On Saturday, Sept 1 we transited the 60 nm Kiel Canal giving us a big shortcut between the Baltic and the North Sea. There is no sailing in the canal and speeds for large tankers and smaller ships alike is limited to 8 kts, making it about an 8 hr trip to transit the full canal.
Canal Background (Research by Vera)…
The Kiel Canal was the first connection between the North Sea and Baltic Sea. The canal was built between 1887 and 1895 and initially served German military needs by eliminating the need for ships to go around Denmark’s northern peninsula. The canal has been enlarged twice since then and today is about 160 meters wide and 11 meters deep. Prior to WWI, it was owned by the German government. After the Treaty of Versailles, it was internationalized. Today the canal still remains an important landmark for Baltic shipping and sea travel.
We left the Laboe marina around 8am and headed to the entrance of the canal which was about a half an hour away. As we approach there is a steady stream of tankers coming and going plus lights signaling the state of the locks. The main sequence is: Red, closed; green, open for tankers, red and white, prepare to enter; white, enter. When we approached the lights were red. We knew we had to pay the canal fee but were unclear how long we had before it opened or where to go to pay.
We pulled up to a quay and Renee and Vera quickly headed off to find the place to pay. As they did the lights turned red/white giving the prepare to enter signal. Like many marine situations we next did a quick scurry once Vera/Renee were back to get off the dock and head to the entrance area only to end up circling and waiting for another 45 minutes. During this time tankers were entering the lock first and smaller boats were circling around.
After leaving the locks, we entered the canal and made the 8 hr passage southwest to the North Sea side. Along the way it was easy to marvel at the engineering of the canal. It must have been a huge amount of dirt to move to create a 60 mile long hole 30+ feet deep by close to 500 feet wide. The canal passed through various towns and had many small car and people ferries along the way. Most of the scenery is rolling farmland with people biking, walking and fishing along the banks.
Along the way there are regular signal lights. For small boats like us, if the three vertical lights show red, then we have to stop. Other signals are for the larger boats to stop or go. From what I gather, much of the canal is too narrow for huge tankers to safely pass each other. So the lights signal boats to wait in designated wider areas where it is safe to have two way traffic.
The North Sea end locks were a little different. As we approached, we again saw red lights. We slowly motored up and started circling around. What we didn’t realize is there are two separate locks being operated on this side of the canal. One set is for large commercial traffic and another set is for small pleasure craft like us. When we finally realized that we had to head to the south side, the light there was white and boats were already entered. We went full throttle and barely made it, as soon as we entered, the lock doors started closing behind us.
The North Sea side is a completely different scene from the Baltic end. The canal ends about 15 nautical miles up the Elbe river. The Elbe is a major European river that flows through German and further into Europe. Much of Europe’s goods that arrive by ship come up the Elbe to the port of Hamburg. In fact, the container we shipped from Boston to Denmark made it to Haderslev, Denmark by way of a New York to Hamburg ship.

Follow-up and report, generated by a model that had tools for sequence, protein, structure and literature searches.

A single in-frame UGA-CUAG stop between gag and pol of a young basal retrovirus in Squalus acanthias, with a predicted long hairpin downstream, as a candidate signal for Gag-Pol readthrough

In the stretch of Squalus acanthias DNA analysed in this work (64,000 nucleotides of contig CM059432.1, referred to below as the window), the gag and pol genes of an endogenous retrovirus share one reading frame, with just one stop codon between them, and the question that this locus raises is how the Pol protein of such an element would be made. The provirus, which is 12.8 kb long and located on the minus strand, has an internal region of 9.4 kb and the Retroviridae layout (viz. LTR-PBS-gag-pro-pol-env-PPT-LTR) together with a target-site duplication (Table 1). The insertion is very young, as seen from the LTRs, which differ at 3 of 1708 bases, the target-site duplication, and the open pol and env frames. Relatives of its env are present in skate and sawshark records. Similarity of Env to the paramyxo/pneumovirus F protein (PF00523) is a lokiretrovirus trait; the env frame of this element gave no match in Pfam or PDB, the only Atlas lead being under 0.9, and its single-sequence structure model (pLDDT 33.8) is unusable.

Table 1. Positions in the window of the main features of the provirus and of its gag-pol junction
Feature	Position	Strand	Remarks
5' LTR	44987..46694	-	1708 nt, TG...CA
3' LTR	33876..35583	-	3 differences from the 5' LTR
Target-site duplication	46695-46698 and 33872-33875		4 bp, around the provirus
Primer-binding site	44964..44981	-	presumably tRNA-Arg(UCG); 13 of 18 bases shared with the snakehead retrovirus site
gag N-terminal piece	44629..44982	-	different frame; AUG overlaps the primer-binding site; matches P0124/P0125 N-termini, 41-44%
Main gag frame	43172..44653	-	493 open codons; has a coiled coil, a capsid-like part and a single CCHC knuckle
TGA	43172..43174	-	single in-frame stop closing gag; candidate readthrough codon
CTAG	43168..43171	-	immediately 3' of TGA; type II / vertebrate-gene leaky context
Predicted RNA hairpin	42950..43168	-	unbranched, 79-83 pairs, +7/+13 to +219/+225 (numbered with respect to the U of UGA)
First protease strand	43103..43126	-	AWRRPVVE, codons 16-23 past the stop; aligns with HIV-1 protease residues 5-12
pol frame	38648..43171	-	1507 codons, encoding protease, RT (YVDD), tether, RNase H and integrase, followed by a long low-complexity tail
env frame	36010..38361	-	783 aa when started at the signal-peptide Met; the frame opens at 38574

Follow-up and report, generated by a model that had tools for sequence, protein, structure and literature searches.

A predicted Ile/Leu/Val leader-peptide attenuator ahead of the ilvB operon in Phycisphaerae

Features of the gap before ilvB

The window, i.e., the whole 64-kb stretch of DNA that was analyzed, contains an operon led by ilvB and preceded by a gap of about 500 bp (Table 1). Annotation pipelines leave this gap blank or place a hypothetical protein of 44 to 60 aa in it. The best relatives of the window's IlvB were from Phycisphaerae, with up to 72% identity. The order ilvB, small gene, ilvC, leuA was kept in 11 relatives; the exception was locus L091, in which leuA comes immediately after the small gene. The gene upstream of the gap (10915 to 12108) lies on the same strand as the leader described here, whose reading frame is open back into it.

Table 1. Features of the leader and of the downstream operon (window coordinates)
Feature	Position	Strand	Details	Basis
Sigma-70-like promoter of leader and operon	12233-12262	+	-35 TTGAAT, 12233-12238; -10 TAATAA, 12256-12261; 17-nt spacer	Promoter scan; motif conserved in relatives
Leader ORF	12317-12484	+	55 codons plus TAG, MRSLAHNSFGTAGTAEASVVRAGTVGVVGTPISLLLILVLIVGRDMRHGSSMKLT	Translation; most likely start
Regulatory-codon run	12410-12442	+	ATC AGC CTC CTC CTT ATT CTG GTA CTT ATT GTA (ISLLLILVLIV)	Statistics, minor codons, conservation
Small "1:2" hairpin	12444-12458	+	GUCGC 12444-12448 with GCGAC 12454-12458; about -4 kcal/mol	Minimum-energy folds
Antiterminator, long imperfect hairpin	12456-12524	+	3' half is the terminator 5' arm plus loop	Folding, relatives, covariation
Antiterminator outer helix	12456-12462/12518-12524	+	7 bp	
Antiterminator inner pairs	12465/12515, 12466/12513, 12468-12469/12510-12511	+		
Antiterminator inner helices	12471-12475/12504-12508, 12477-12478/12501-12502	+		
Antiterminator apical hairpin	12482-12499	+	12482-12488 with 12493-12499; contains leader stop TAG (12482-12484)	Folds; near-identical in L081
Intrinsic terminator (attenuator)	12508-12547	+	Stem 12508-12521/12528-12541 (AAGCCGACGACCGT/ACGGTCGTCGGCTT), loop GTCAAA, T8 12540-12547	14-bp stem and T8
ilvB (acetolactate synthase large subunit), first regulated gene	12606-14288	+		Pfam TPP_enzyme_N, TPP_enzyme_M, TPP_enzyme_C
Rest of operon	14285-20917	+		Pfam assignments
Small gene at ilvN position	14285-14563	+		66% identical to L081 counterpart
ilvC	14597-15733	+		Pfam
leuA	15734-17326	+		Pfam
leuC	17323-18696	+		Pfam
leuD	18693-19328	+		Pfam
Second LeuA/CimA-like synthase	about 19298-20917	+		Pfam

There are many forces at play at the exit of the Canal all creating some challenging sailing conditions. There is the flow of the river, the seas built up from the prevailing strong westerly North Sea breeze and a major shipping channel. The result is smaller boats need to make sure to exit and continue on only if it is a high tide at Brunsbuttel. This gives favorable current (as high as 5 kts) for the 15 nm to the marina at Cuxhaven or to keep going.
Our timing was such that we were on a favorable tide to keep going. Now that I’ve done it once, had we not had a favorable tide, I would recommend docking inside the canal and waiting for a favorable tide before proceeding through the lock and continuing.
At around 8:00 pm we approached the Cuxhaven marina. The approach was another of those harrowing moments. You need to time your shipping channel crossing between tankers and consider the current as you line up to enter the marina. Once in the marina, there are signs for different size boats and 5 meters of depth (plenty for our 3 meter draft). There was no room in the 15-25 meter section alongside the dock so we rafted up with another boat which is the custom in this part of the world.
After a long day, we were in search of something to eat. Renee found some places still open till about 10pm so we hurried off. One place looked good but as we’ve found is often the case, the kitchen closed by 9:30. We did end up at a nice Italian place where they were still serving pizza and salad.
Mariner Key Info (based on Sept, 1, 2019 experience):
- Entering Canal from Kiel:
- If time, pull along dock and pay at pay-station, if no time, just enter.
- Single lock operated with large tankers and small pleasure boats.
- Prepare to enter on a white/red light, enter on two white lights. We had a good 30 minutes between white/red and white/white.
- Tie up on low dock or against another boat
- Canal Transit:
- Long motor, stop if you see three red lights
- Exiting Canal at Brunsbuttel (North Sea Side)
- Two locks running, small boat lock in on south side
- Once through lock, only continue if you have a falling tide, otherwise currents against you are too strong.
- Cuxhaven Marina:
- 5 meter depth inside
- Room for 16 meter boats alongside dock
- Strong currents at entrance, line up approach carefully